Phil Lord graduated cum laude from Dartmouth College with a degree in Art History. He co-executive-produced, wrote, and directed MTV's critically-acclaimed animated series Clone High and served as co-executive producer for the CBS sitcom How I Met Your Mother. He may be best known for co-writing and co-directing the animation feature Cloudy With a Chance of Meatballs which earned Golden Globe and Critics Choice nominations for Best Animated Feature and four Annie Award nominations. Recently, he co-directed 21 Jump Street and is working on Lego: The Piece of Resistance.
Matt is a Rising 12th grader at Ransom Everglades School. An Avid TED-watcher (having watched over 100 TED talks), Matt is also an amateur game designer and programmer. He was a national finalist in the Scholastic Art and Writing Awards. He has been a “Gamer” since being introduced to Pokémon on the Game Boy in 2000. Matt designed and wrote 35 RE Problems of the Week 2011-2012. He is passionate about education and environmental sustainability. Matt is currently teaching himself piano by learning Pokémon and Legend of Zelda songs.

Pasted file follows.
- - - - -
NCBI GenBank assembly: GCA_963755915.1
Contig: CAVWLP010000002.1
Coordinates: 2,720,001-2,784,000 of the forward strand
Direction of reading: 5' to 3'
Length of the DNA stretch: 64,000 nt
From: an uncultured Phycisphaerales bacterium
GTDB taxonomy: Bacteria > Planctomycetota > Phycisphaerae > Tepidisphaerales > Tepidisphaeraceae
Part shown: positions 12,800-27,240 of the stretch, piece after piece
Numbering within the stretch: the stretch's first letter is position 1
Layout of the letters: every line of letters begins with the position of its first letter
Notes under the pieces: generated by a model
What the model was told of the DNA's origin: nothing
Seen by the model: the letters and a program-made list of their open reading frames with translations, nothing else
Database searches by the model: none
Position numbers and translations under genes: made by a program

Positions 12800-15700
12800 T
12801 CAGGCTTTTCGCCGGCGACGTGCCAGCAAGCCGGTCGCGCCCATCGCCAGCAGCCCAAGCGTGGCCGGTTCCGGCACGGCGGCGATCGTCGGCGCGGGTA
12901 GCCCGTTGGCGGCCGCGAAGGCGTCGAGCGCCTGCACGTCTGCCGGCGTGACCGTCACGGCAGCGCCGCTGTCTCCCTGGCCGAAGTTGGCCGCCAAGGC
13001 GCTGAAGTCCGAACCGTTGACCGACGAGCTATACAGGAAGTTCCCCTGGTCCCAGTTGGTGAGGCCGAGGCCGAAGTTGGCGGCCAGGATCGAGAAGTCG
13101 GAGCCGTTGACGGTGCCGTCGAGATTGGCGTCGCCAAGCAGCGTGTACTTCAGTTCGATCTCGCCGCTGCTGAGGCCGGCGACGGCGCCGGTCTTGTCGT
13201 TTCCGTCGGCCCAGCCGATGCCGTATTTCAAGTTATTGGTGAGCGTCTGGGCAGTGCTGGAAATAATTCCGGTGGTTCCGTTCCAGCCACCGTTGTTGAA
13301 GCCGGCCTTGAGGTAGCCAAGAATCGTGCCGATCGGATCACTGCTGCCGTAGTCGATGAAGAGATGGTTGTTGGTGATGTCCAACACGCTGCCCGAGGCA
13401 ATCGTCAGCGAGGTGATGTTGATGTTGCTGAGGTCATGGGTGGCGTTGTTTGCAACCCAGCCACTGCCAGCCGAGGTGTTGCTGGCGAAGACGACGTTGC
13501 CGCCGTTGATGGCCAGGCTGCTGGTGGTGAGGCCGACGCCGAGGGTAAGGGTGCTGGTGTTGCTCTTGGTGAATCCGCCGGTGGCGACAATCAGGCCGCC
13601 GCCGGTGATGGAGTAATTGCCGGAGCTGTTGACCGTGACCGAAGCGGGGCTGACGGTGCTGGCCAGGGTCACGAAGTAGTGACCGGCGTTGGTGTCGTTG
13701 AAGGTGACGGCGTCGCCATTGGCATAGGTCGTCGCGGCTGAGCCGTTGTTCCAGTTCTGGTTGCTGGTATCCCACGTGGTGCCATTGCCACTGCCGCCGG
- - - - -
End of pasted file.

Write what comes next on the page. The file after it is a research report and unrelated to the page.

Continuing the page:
Ellen Moceri earned her BA and MA from Washington University, with Ed.D coursework and exams completed from Teacher’s College of Columbia University. She held leadership positions for 25 years at John Burroughs School (St. Louis, Missouri) and then became the Head of the Upper School at the American School of The Hague and Horace Mann School in the Bronx, New York. She was the researcher for the Independent Schools Innovation Consortium and visited the top 20 boarding schools in the United States to investigate their educational innovations. Mrs. Moceri later served as the Head of School at Christ Church Episcopal School (Greenville, SC) and the American School Foundation in Mexico City. During her headship at Christ Church, that school became the first K-12 International Baccalaureate school in the United States. Mrs. Moceri has been the Head of Ransom Everglades School in Coconut Grove, Florida, for the past 12 years.